My friends, we need to talk about money. I know it’s uncomfortable, but part of the reason why it’s uncomfortable is that everyone has been taught that talking about money is Not Nice, which is how people who have lots of money get to keep it without being challenged and why those who do not struggle with any kind of class mobility and often flounder if they come into an unexpectedly large amount of money. Talking about money is perfectly nice. A conspiracy of silence is not.
So let’s talk. During the Obama Administration, there was a real flowering of the arts in the United States, and a lot of that art came in the form of content that we got for free, and enjoyed. Podcasts. Webcomics. Blogs. A huge variety of art projects big and small were made possible because the economy was starting to recover, because there was a social commitment to the arts, because even though people have unreasonable expectations about getting things for free as though actual humans aren’t involved in their production, there were modes of funding available.
That is changing, more quickly than you know. Some of the routes people were using to monetise were already faltering, but a new, arts- and worker-hostile administration means that there is even less money available. Grants and support, whether direct or given to organisations artists work with and for, are drying up. Subscription revenue is dropping. Advertisers are nervous. Private donors are recalculating their budgets in awareness that their cost of living is changing, and that $5 here, $5 there to people they like is actually adding up to maybe more than they can afford every month.
There’s this myth that people will go on creating art no matter what, and that’s not how it works. Artists need money to survive, to eat, to have a place to live, to do things that help them do their work. Without a universal basic income, artists need to be able to obtain that money somewhere. They also intrinsically deserve compensation for their work because it is work, it involves skill and training, and it places considerable demands on them. When artists don’t have money coming in, ‘selling more art’ likely isn’t going to fix that problem, especially if their art isn’t fetching a lot to begin with.
So when you lose out on funding and need to dig up your own, often the result is to go find a day job. There’s nothing wrong with being an artist who has a day job, and lots of people are able to balance competing demands on their attention, but not always. If your work is labour intensive and you have to work 40 hours a week — assuming you can get a job — you are not going to be able to produce as much, even as people are pressuring you to make more, often as resistance or a response to what is happening. Work that is not art can become all consuming very quickly, and extremely stressful, and it may take months or years to figure out how to adjust to your new life — and many of your fans will have drifted away by then.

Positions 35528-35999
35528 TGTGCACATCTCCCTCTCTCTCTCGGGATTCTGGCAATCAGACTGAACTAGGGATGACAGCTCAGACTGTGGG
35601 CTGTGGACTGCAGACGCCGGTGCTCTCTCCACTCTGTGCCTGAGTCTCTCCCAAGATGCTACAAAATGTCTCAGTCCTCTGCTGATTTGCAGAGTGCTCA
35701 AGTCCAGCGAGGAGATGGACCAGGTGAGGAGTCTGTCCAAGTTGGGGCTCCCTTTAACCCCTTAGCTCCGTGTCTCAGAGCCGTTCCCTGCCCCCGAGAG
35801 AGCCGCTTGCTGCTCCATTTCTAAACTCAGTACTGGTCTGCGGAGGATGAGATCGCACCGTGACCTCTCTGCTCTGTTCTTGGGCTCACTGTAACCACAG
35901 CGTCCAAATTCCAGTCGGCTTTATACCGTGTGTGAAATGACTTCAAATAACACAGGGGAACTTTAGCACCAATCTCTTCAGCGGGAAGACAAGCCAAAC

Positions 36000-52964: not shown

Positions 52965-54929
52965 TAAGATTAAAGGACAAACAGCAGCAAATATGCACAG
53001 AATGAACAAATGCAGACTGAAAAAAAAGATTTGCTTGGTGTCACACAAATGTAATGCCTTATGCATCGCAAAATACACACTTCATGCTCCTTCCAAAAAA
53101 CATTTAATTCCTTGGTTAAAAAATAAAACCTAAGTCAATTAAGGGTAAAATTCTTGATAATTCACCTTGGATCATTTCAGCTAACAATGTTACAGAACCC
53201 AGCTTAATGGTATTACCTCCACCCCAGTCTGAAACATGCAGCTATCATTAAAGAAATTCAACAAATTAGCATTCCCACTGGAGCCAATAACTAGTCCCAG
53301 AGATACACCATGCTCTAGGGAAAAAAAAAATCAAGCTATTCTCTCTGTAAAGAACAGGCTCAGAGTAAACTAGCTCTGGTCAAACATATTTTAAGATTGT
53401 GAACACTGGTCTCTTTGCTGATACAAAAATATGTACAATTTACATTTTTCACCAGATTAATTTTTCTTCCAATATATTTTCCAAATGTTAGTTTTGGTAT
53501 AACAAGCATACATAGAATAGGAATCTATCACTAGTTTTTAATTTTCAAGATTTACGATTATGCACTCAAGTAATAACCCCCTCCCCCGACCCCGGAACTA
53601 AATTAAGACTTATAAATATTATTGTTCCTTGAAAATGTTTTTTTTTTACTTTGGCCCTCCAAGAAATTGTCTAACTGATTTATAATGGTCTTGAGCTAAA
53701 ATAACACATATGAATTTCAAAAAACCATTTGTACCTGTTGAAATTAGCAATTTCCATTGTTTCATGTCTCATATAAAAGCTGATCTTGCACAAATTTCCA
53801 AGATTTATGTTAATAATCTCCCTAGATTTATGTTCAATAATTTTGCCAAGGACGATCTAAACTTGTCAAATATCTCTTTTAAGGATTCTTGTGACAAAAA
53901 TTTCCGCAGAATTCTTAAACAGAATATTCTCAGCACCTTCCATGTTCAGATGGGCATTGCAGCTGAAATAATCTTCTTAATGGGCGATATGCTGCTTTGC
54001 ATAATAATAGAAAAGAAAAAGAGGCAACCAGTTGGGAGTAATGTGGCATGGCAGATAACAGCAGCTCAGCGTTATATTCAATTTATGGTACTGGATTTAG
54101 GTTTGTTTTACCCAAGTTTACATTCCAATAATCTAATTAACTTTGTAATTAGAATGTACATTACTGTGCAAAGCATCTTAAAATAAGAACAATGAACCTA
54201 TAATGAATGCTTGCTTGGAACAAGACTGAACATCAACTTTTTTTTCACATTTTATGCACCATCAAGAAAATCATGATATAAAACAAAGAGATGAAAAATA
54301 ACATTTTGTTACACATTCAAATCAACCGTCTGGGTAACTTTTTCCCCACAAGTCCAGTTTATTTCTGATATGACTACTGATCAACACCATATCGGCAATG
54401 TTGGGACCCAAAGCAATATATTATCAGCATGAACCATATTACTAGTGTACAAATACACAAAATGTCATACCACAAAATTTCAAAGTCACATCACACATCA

Which is why we need to talk about money. All of us are struggling right now, and some of us are struggling more than others. I do not think you should be deprived of art if you cannot afford to pay for it. But I do think that if you have some money, you should be giving it to artists you like, whether that’s on Patreon or through direct donations or any number of other routes. It doesn’t have to be a lot of money. If you decide, for example, that you want to budget $25 for art every month, you can spread it out how you see fit. And a network of people who are like you who do the same thing can turn that $25 into something much more sustainable.
A lot of people in the arts, me included, tend to feel a little anxious about asking for money, especially for something that we have been giving away for free. It feels a little bit like a bait and switch, or crass, or uncomfortable. But the fact of the matter is that as I write this, right now, I am not doing paid work. As I developed the ideas for this post and did research, I was not doing paid work. As I did the maintenance that made it possible to publish this, I was not doing paid work. It may take you five to seven minutes to read this, but it cost me a lot more to write it. When I paid Oh Bees! for their hosting services, I was recognising that Nicholas provides a service that has monetary value for me, and I would never expect him to host me for free just out of the goodness of his heart.
I don’t say this because I want you to feel guilty or like a bad person for enjoying things that you read for free, and being aware that if you had to pay for everything you read, you would likely be reading less. That demand for free content has fed a lot of problems in journalism, and I have talked about those problems, but the fact remains that this is a collective problem, not one that is about you personally individually and specifically, my dear reader.
Together, we have to agree that we should support artists to the best of our abilities. Together, we have to decide how to allocate that funding, recognising that unless we’re very wealthy, it’s not possible to kick a little tip into every single artist’s jar. But maybe it’s possible to do some. To rotate them periodically. Together, we need to decide that the arts are valuable and worth preserving, even in the face of extreme hardship.
So take an honest look at your budget. Figure out how much is reasonable for you to spend on things like subscriptions to publications you like, Patreon and similar services, or straight monthly donations. Be realistic and have a plan in place for when your income fluctuates. And then go put some money on the line, because it’s easy to say that ‘oh, someone else will pay for this,’ but the things you love may be more endangered than you think because their creators aren’t getting enough support.
Image: Paper money, Kevin Dooley, Flickr